Glass Onion

★★★★★ | Chives out.

Glass Onion

I'm a big fan of Rian Johnson. You don't have to be.

Glass Onion, like Knives Out before it, is a crowd-pleaser in a way that overcomes any and all barriers. Don't like murder mysteries? No worries, Glass Onion is one of the funniest films of the year. Not a fan of deconstructive meta-commentary? Not a problem, it's also one of the cleverest thrillers since its predecessor.

Whatever hurdle you throw at Johnson's impeccable script or pitch-perfect cast, they clear it effortlessly. Whether you're coming in as a fan or with fresh eyes, Glass Onion is like an accommodating party host. The most important thing is that you're having a good time.

Set an unknown time after Knives Out, Glass Onion begins in a state of quarantine, as the entire world has come to a standstill. Celebrities take to social media to get their daily dose of attention. Brogrammers buy expensive creations from others and parade them as an extension of themselves. Somewhere, Benoit Blanc (Daniel Craig) is losing his marbles from boredom.

Then, a bizarre invite arrives in the mail. A holiday in the sun on a remote island in Greece. So exclusive the word itself isn't enough to cover it. On top of that, it's a murder mystery-themed party. How could Blanc resist?

Naturally, not everything is as it first appears, and everyone has something to hide. Even the island feels like it's got more to tell than you'd first guess. Even that might not be true, and everything is exactly as it appears to be.

Revealing anything about the plot is pointless not because of spoilers, but because part of the fun is seeing how the reveals lock into place. Johnson is one of the smartest and craftiest writers in the business, and his scripts never cheat the audience for a cheap gotcha.

As with its predecessor, Glass Onion reveals more every time you watch it. There are hooks, red herrings, and sleights of hand around every corner. It's a film that would make Johnson's earlier fantabulist masterpiece, Brothers Bloom, gush with pride. And while the film plays to Johnson's thematic strengths (everyone is here to rewrite their life one way or another), it's a thrill to see him as a director and writer who never rests on his laurels. Whatever you expect from Glass Onion, Johnson delivers in a way that's wholly unexpected, yet never anything but delightful.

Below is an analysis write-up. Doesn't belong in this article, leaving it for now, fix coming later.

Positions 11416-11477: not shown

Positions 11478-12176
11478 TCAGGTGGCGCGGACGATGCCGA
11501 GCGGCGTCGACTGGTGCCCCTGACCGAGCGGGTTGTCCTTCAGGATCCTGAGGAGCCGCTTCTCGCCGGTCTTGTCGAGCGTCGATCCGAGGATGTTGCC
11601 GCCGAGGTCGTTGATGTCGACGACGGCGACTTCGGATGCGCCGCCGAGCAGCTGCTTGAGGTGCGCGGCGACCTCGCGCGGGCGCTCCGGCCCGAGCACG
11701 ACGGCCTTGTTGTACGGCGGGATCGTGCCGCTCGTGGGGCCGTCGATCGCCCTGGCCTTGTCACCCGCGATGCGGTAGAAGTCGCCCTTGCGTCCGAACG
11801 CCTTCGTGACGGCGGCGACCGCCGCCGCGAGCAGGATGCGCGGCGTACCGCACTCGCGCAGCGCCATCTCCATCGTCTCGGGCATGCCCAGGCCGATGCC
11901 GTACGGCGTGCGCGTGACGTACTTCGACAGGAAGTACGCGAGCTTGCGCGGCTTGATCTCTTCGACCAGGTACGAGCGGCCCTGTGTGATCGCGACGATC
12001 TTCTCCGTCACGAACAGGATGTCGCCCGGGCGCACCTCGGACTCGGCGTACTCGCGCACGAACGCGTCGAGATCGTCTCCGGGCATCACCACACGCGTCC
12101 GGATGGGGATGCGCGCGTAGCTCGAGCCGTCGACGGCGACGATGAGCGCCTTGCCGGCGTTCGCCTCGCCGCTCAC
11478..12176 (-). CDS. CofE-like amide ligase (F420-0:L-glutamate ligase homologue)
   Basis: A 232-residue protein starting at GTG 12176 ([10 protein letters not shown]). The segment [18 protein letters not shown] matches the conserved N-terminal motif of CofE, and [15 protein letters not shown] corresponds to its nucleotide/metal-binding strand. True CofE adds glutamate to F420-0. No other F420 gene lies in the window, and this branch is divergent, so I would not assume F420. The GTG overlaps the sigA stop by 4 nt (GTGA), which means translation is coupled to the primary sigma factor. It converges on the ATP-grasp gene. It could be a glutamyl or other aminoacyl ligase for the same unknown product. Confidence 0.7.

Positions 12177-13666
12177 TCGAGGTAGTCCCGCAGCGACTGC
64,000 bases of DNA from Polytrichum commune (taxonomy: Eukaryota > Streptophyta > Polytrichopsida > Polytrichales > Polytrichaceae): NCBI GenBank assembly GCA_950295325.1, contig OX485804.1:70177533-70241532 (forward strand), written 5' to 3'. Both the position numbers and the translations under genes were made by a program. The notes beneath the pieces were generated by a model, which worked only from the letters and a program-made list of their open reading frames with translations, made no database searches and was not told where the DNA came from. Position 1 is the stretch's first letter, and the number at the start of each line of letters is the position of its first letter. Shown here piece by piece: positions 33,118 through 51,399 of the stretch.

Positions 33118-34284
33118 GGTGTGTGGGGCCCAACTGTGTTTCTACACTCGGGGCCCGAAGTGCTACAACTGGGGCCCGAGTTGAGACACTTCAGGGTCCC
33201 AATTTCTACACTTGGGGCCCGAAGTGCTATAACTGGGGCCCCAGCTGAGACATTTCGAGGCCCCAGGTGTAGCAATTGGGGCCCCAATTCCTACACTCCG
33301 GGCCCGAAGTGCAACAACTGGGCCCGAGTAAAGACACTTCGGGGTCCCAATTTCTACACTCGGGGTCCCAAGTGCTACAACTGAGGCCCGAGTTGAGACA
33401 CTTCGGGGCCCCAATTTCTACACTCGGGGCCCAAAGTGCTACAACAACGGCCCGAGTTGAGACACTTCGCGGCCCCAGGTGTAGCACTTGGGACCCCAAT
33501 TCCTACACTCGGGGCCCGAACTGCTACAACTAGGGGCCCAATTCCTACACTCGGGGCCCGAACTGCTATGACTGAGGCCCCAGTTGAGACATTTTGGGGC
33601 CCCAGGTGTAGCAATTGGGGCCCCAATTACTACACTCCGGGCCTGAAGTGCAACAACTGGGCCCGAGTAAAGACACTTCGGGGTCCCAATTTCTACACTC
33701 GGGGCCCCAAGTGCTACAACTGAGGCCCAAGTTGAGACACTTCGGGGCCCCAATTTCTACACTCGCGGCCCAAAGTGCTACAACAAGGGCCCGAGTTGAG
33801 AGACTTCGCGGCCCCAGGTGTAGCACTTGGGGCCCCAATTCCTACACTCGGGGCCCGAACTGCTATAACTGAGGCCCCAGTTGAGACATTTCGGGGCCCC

None of this would work without a stellar cast, and Glass Onion does not disappoint. Everyone has brought their A-game, but this is Janelle Monáe's game. We're all just playing it. She has the hardest part, and she runs away with the film.

But credit must be given to Craig, who anchors the picture in a humane, often hilarious, and never schlocky performance. Blanc is already one of the great screen detectives in the long line of Peter Sellers and Hercule Poirot. Craig grounds his foibles and confusions in a character who always feels like he's three games ahead of the one the rest are playing. Even when he's baffled about the world.

It's a shame we don't get to see Glass Onion on the big screen. This is the kind of old-fashioned and classy picture the 90s thrived on. The kind you take a bunch of friends to see, so you can then dissect it afterward over drinks.

Sure, you can do that online. But it's not the same, is it? At its heart, Glass Onion may snicker at modernity forcing us into toxic coexistence. But it believes in connection, humanity, and empathy above everything else. It would be only fitting to celebrate that in a darkened room with a few hundred strangers, each trying to work out just what the hell is around the corner.